History of Bartlesville & Washington County, Oklahoma

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Washington County, OK


Population: 535 in 2010; 564 in 2000; 508 in 1990
(formerly Bon Ton, Hobson)

Early Ramona

Ramona's townsite was once planted in wheat as part of a farm leased by David Stokes in 1898. The only structure at that time was a cabin of an old buffalo hunter, Sam Kimbro. Stokes' brother James was involved in Jacob Bartles' effort to build a railroad south from Caney, Kansas to the coal mine in Collinsville.

James Stokes plotted the townsite by September 8, 1899 and built the first house at the location of the present-day school playground. This home was called the Bon Ton House (French for "good style") and Stokes sold meals to railroad construction workers, and had a store offering staples such as flour, cornmeal, salt, molasses, jerky, sowbelly, beans, and ammunition. HobsonThe Sante Fe railroad bought up the right of way and designated a depot called Hobson, but the townsite was known as Bon Ton until December 9, 1899 when it was changed to Ramona. This name was suggested by Bill Little, a rancher who had taken it from the novel "Ramona" by Helen Hunt Jackson. When the railroad came through Ramona, the nearby towns of Ringo, Austin, and Twin Mounds were abandoned.

Ramona, 1905The original townsite was on the allotment of Jennie Cass Morton, who dropped the "go-devel" that blew in the Nellie Johnstone No. 1 in 1897, and step-daughter of George B. Keeler. The town had grown to 150 inhabitants by 1900, and was incorporated in 1901.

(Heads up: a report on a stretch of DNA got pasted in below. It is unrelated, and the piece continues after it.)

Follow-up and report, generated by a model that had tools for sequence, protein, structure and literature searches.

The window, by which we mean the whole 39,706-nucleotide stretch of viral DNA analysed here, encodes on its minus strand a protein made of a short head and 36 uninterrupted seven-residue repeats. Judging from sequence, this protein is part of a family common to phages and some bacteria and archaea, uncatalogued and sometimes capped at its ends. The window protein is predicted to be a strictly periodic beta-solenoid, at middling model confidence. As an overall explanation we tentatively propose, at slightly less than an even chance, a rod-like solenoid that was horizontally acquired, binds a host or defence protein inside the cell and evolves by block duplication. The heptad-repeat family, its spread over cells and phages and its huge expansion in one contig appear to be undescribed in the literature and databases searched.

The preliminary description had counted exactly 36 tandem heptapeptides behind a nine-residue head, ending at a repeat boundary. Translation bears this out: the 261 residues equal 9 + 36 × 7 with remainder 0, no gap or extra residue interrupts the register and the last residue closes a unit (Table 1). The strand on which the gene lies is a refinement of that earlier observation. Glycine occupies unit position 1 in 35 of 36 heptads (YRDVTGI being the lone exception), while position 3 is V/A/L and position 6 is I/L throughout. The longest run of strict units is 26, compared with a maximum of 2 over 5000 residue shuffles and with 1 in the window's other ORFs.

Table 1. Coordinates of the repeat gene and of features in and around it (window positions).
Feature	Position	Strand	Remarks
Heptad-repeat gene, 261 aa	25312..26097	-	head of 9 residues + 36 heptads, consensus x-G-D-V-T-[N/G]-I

The Prairie Oil and Gas Company built a 222-tank oil storage farm, billed as the world's largest, near Ramona in 1905. Ramona benefited from the tax revenues. By 1906 Ramona had two oil well supply stores, a foundry, brick plant, mill, and several minor industries, including the Cherokee Station gasoline refinery, which would operate until 1949. By 1909 there were two banks, three lumber yards, hotels, a theater, millinery shop, lawyers, dentists, doctors, a good gas system, and churches. By 1912, Ramona boasted 75 automobiles.

Ramona Tank Farm

Pump house photo © J.D. Patrick; Link

In the 1940s the tanks in the nearby farm were emptied and stood empty for some time before being dismantled. Much of the material became local building supplies, and the sheet steel sides and bottoms were shipped to Japan just before World War II. The old dikes around the tank farm are still visible from highway 75 north of Ramona. The town reverted to its agricultural base after 1949.

Ramona Central SchoolIn its heyday, the Ramona school district built what became known as Central school in 1909. It was reportedly struck by lightning and burned in 1958. But a 1916 building survives, which originally had a regulation basketball court on its top floor with opera seating for almost 400, a basement pool, power plant, woodworking and forging rooms, and classrooms. The "Renaissance building" was renovated in the late 1990s and is now the school board and administration building for the Caney Valley School District.

Ramona Board of Ed. Bldg.

Photo © Ian Swart of Fletcher, OK; Link

Ramona's school district combined with Ochelata and Vera in 1970 and Oglesby joined in 1978 to form Caney Valley Schools, not to be confused with the Caney, Kansas district of the same name locaed 35 miles north of Ramona. In 1983 th district re-organized to have its elementary school in Ochelata and its junior high/middle school and high school in Ramona, situated east of the Renaissance building. So the Ochelata Longhorns, Oglesby Colts, Ramona Wolves, and Vera Wranglers all became the Caney Valley Trojans.

For decades Ramona was a notorious speed trap along Highway 75. The town supplies natural gas to a Wal-Mart distribution center built five miles north of town on land owned by Bartlesville. In 2012 a Cherokee Casino opened on Highway 75 three miles north of town.

Caney Valley Schools

Washington County Carrel